I’m sure I post about this all the time, but I think it’s important to notice the little things.
When you have children (which I don’t), I assume it’s the little things they say, the mannerisms, all the things that make them adorable, and all the things you’re grateful to have been there to see, and the future things you hope to never miss. I have these moments with the elderly in my job all the time too, I think it’s the innocent factor more than anything else, the things we’d never dream or hear someone saying or doing.
More than that, it’s about noticing when you’re having a “moment” with someone, and not finishing a text message, or reading a facebook comment, but dropping everything to be in that moment. Or you might lose it forever. It’s all those times people say we should make the most of all opportunities, because you just never know when you might see that person again.
I like experiences, I like to be outside on a warm day, I like to go for a run in the sunshine rather than go to the gym and simulate it. I like to talk to someone face to face over a coffee rather than to talk to them on the phone or by text. I like to cook something from scratch in my own kitchen rather than go out and buy it, in that case though it’s more about the feeling of accomplishment, which I also get from going outside for exercise. I like to reach out and hold my partner in our own home rather than call him from far away.
I guess we all have such busy lives these days, we always say we have no time to catch up with friends, see our families or even go out and do the things we enjoy. Yet we’ll spend every other day at work, coming home late and getting up earlier to get things started in the office sooner. It seems we’re so much more flexible with the commitments we complain about, and we can’t bend or shape the box a little to see the people or do the things we love. But, what are we going to do about it?
I am currently on holidays, I thought I would take the time off to spend some time with my partner (with my busy work roster we feel like we don’t spend enough time together), and I was hoping to catch up with some friends who are also nurses so we find it hard to get the same days off. But what has actually happened so far, I went away with my partner to visit family, which is fine and we’re back home again having someone stay with us for a few days and I feel like we haven’t really sit still. And, next week is my turn to catch up with people, except no one seems to be available which is tricky.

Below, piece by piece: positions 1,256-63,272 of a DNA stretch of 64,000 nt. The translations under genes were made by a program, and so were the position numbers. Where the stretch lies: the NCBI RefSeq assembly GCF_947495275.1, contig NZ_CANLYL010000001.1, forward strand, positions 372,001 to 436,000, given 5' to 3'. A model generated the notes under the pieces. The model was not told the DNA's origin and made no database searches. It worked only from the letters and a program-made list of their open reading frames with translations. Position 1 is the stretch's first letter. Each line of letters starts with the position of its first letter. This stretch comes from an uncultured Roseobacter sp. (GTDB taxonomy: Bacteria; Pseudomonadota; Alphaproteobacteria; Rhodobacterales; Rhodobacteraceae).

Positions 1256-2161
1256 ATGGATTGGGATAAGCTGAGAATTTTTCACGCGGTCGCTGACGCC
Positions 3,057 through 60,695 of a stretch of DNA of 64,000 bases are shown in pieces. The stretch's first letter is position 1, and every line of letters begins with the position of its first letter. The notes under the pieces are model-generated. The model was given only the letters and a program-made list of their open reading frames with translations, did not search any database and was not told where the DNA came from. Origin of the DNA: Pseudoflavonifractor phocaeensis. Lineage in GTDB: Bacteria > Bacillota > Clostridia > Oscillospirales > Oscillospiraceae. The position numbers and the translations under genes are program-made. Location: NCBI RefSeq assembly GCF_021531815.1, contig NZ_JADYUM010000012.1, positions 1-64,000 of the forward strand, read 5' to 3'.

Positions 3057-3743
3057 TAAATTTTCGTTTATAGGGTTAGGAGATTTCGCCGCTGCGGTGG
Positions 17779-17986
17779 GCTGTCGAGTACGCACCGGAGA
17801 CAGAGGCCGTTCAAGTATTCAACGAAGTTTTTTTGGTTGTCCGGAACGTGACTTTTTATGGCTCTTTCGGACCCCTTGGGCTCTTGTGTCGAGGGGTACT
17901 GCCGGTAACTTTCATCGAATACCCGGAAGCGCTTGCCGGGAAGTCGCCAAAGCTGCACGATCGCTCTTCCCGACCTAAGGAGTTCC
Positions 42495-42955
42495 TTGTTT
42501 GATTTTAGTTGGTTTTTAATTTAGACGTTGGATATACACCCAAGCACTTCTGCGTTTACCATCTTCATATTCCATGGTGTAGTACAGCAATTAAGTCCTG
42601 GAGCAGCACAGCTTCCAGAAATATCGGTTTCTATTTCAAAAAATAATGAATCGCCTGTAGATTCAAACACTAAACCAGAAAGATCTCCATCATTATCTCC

I guess my problem is I have all these high expectations, and I don’t know what I really want. I think I know what I want to do, but when it comes time no matter what I do I don’t feel like I’ve ever used my “me time” effectively. For instance, I say I would like to do some sewing, reading, play the keyboard, or get outside, but when I get there I don’t seem to get the gratification I was expecting to feel.
Today I decided to take a different approach, since I’m attempting to be more positive I’m reflecting on the good experiences. I got an opportunity to bond with my partners family while we were away, I had a better time than I thought I was going to have, and we’ve had some really good moments and spent some quality time together. The moments that are hidden in plain sight; our in-jokes, activities we’ve done together, things we’ve experienced and just moments that don’t really seem all that special but that we will remember.
I think all those moments with kids, and like my moments with people at work where I can have a joke and share with them, I think we all over look the little moments while we’re searching for the big ones. I believe it’s the little ones that have the greatest impact, we just need to know how to spot them, appreciate them and remember them fondly. Living in the moment rather than wondering what’s coming next. Whatever is coming next will come while we’re busy with something else or sitting around in anticipation waiting for it, life is what we make it, so we should stop setting up outlandish expectations and start appreciating the things we overlook.